NC politics

NC General Assembly

House lawmakers Wednesday night gave their tentative approval of the proposed $22.2 billion state budget. Debates over these spending bills tend to be hard fought partisan affairs. But a strange thing happened with this budget, the House seemed to be hit with a bout of congeniality.

These days, the bar for what is considered a truly bipartisan bill is pretty low. But the house budget was truly passed in a bipartisan way. The vote was 103-12. Thirty Democrats voted for the budget, the most since Republicans took over the chamber in 2011.

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Sometimes the most interesting part of the legislative process is watching an amendment fail. The debate, while collegial, shows the deep resentment some lawmakers have for those of the opposing political party. And just such a debate happened in Raleigh on Tuesday.

NC General Assembly

Republican leaders in the North Carolina House have released the details of their proposed budget for the state. And while it does include teacher raises, the House plan would spend less on teachers than what Governor Pat McCrory wants.

When a mortgage goes bad the lender can often write off the loss as a tax deduction. But today, the North Carolina House is poised to pass a bill which would stick the homeowner with a hefty tax bill if all or part of their mortgage debt is forgiven.  

The North Carolina General Assembly is back in session today. Governor McCrory and Senate leader Phil Berger have laid out their priorities. They include teacher raises that average 5 percent, and leaving HB2 mostly intact - although the governor does want a provision repealed that deals with the right to sue. But what about the priorities of lawmakers in the Charlotte area? Morning Edition host Marshall Terry talks to WFAE's David Boraks.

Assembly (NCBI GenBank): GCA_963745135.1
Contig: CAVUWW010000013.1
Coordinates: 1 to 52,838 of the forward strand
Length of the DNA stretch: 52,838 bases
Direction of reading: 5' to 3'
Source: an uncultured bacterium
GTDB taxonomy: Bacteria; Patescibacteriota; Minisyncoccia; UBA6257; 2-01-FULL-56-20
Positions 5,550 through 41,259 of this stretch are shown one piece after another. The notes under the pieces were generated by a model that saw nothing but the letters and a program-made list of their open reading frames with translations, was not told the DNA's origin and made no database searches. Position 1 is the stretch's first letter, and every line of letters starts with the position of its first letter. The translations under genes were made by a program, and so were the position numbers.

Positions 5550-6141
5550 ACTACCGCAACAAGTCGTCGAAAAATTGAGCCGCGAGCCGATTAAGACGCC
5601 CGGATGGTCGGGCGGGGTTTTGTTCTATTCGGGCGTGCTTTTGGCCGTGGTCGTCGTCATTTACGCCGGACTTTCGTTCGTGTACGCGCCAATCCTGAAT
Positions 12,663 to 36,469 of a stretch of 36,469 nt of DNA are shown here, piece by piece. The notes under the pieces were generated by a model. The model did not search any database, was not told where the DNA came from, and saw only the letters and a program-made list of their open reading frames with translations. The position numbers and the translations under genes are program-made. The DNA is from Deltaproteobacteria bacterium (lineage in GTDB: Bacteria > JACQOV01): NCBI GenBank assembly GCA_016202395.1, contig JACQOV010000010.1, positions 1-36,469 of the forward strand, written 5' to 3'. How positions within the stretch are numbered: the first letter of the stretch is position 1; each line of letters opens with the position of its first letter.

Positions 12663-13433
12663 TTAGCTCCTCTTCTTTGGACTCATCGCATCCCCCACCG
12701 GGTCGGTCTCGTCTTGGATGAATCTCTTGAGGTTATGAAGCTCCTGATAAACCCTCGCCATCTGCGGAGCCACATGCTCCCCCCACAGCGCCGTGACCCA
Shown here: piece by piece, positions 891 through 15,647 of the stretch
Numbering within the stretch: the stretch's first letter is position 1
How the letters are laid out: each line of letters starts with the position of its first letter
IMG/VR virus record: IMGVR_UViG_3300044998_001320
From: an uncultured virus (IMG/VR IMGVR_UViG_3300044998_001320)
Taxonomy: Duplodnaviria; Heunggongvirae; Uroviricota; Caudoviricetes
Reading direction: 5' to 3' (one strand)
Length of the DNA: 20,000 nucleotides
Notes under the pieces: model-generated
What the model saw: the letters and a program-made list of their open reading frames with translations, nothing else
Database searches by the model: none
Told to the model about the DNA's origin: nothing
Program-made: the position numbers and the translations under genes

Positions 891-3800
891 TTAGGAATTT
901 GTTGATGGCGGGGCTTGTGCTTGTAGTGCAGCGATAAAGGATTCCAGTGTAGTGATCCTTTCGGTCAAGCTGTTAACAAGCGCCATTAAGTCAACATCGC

"The economic repercussions are threatened and real." That was the first line of a press release from the Charlotte Chamber of Commerce put out Tuesday after PayPal ended plans to bring 400 jobs to Charlotte.

The move was in response to House Bill 2, which the company sees as discriminatory. For Charlotte, the loss of PayPal is tangible. But for North Carolina’s Republican lawmakers, the move has barely registered. And they’re now portraying PayPal as the kind of company nobody should deal with.

Charlotte-based Bank of America is one of more than 80 companies now calling on the General Assembly to repeal the law passed by a special session last week.

Myths, facts and a federal lawsuit. That is where we currently stand with House Bill 2, the broad legislation passed in a special session of the General Assembly and signed into law that night by Governor McCrory. From start to finish the process took just 12 hours.

Local governments across the state are still trying to understand the full ramifications of the bill passed in Wednesday’s special session of the General Assembly. That bill was signed into law last night by Governor Pat McCrory. And it may have some unintended consequences which could cost the state revenue.

North Carolina lawmakers return to Raleigh on Wednesday for a special session. The goal of Republican leaders is to shut down a provision in Charlotte’s recently-updated non-discrimination ordinance that allows transgender people to use the public restroom of their gender identity.

Last week, WFAE's Mark Rumsey spoke to Tami Fitzgerald of the North Carolina Values Coalition, which has been pushing lawmakers for this special session. On Tuesday, he spoke to Chris Sgro of Equality NC, which has been fighting an uphill battle to let Charlotte’s ordinance become law.